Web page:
I hope you are all healthy and well this winter. Our family has been fortunate to remain rather healthy in the midst of the nationwide flu outbreak. With 6 children, including our new little guy, we are extra concerned about contracting simple colds and viruses. If one member of our family gets sick, the illness seems to spread quickly from person to person- even with diligent hand washing. So one person with the flu can lead to our whole family being under the weather for weeks.
It seems studies are suggesting that we can attribute some of our good health this winter to our wonderful Labradors. I'm sure you already know how much dogs add to the richness of their owners' lives, but this article mentions some added health benefits that I had never considered for our family. Oh, yet another reason why I love our Labs!!!
According to the Huffington Post,... dogs and cats may not just provide your family with love and constant companionship -- they could also have a powerful effect on the health of children early in life, according to a small new study. New research in the journal Pediatrics shows that children who live in a home with a pet during their first year of life are also more likely to be healthier, compared with kids who don't live in a pet-owning household. "It's more support in a growing body of evidence that exposure to pets early in life can stimulate the immune system to do a better job of fighting off infection," Dr. Danielle Fisher, of St. John's Health Center in Santa Monica, Calif.,told the Los Angeles Times.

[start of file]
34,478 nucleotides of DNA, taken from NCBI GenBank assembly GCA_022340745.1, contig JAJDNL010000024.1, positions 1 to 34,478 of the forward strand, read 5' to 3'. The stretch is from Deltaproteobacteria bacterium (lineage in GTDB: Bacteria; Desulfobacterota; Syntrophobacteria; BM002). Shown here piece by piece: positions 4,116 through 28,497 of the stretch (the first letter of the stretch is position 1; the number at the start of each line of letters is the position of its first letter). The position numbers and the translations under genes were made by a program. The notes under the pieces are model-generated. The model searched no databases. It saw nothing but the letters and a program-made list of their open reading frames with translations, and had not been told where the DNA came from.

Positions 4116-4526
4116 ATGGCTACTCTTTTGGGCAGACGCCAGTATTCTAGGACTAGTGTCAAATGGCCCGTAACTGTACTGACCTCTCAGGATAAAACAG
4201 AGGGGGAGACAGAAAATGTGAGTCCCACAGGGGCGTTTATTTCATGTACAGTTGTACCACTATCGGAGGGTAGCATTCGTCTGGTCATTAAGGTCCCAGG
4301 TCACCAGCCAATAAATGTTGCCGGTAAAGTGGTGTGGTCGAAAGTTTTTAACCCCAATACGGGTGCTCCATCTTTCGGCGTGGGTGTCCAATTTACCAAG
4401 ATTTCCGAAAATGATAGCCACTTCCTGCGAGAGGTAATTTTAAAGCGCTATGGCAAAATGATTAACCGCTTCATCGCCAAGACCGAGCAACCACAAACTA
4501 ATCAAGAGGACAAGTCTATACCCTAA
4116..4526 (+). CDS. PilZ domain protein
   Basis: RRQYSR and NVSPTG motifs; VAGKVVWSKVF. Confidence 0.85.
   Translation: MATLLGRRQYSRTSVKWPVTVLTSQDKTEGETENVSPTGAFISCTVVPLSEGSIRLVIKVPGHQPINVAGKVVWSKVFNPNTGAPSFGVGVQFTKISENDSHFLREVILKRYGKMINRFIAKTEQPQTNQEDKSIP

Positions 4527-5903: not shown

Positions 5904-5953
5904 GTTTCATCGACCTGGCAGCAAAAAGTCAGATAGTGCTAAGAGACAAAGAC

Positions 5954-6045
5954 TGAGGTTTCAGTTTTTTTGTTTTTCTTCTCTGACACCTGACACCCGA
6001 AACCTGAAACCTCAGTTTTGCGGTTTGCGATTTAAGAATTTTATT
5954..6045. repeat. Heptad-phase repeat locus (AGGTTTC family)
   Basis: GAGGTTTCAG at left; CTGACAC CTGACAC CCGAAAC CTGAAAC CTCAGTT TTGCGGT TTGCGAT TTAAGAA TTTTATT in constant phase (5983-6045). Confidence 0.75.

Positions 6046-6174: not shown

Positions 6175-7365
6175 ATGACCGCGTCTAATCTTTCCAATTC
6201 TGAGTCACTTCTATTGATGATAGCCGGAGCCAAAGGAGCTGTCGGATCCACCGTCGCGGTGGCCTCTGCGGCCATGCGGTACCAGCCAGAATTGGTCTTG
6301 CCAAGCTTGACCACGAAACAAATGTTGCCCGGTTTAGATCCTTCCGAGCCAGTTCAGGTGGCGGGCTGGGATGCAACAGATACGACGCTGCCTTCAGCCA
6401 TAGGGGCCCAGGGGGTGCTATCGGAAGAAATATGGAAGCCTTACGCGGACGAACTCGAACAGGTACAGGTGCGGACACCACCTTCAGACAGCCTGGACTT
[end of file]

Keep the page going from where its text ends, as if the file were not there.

Specifically, kids who had a dog during their first year of life had 31 percent fewer respiratory tract infections than kids who didn't live with a dog, researchers found. Kids from dog-owning homes also had fewer ear infections -- 44 percent fewer than kids from non dog-owning homes -- and needed fewer antibiotics, researchers found. Cats also seemed to have a beneficial effect on kids' health, but not as strong as dogs, the researchers said. "Our findings support the theory that during the first year of life, animal contacts are important, possibly leading to better resistance to infectious respiratory illnesses during childhood," the European researchers wrote. The study included 397 kids in Finland, who were followed by researchers from the time they were born until they reached age 1. The families reported how much contact they had with a dog or a cat on a weekly basis. ABC News also reported on the relationship between the amount of time the pet spent indoors, and the beneficial effect on the kids:
Children who live in houses where dogs are inside less than six hours a day are at lowest risk for respiratory problems. The authors believe it could be because dogs that are inside track less dirt. More exposure to dirt leads to more exposure to different types of bacteria, which can help strengthen the immune system.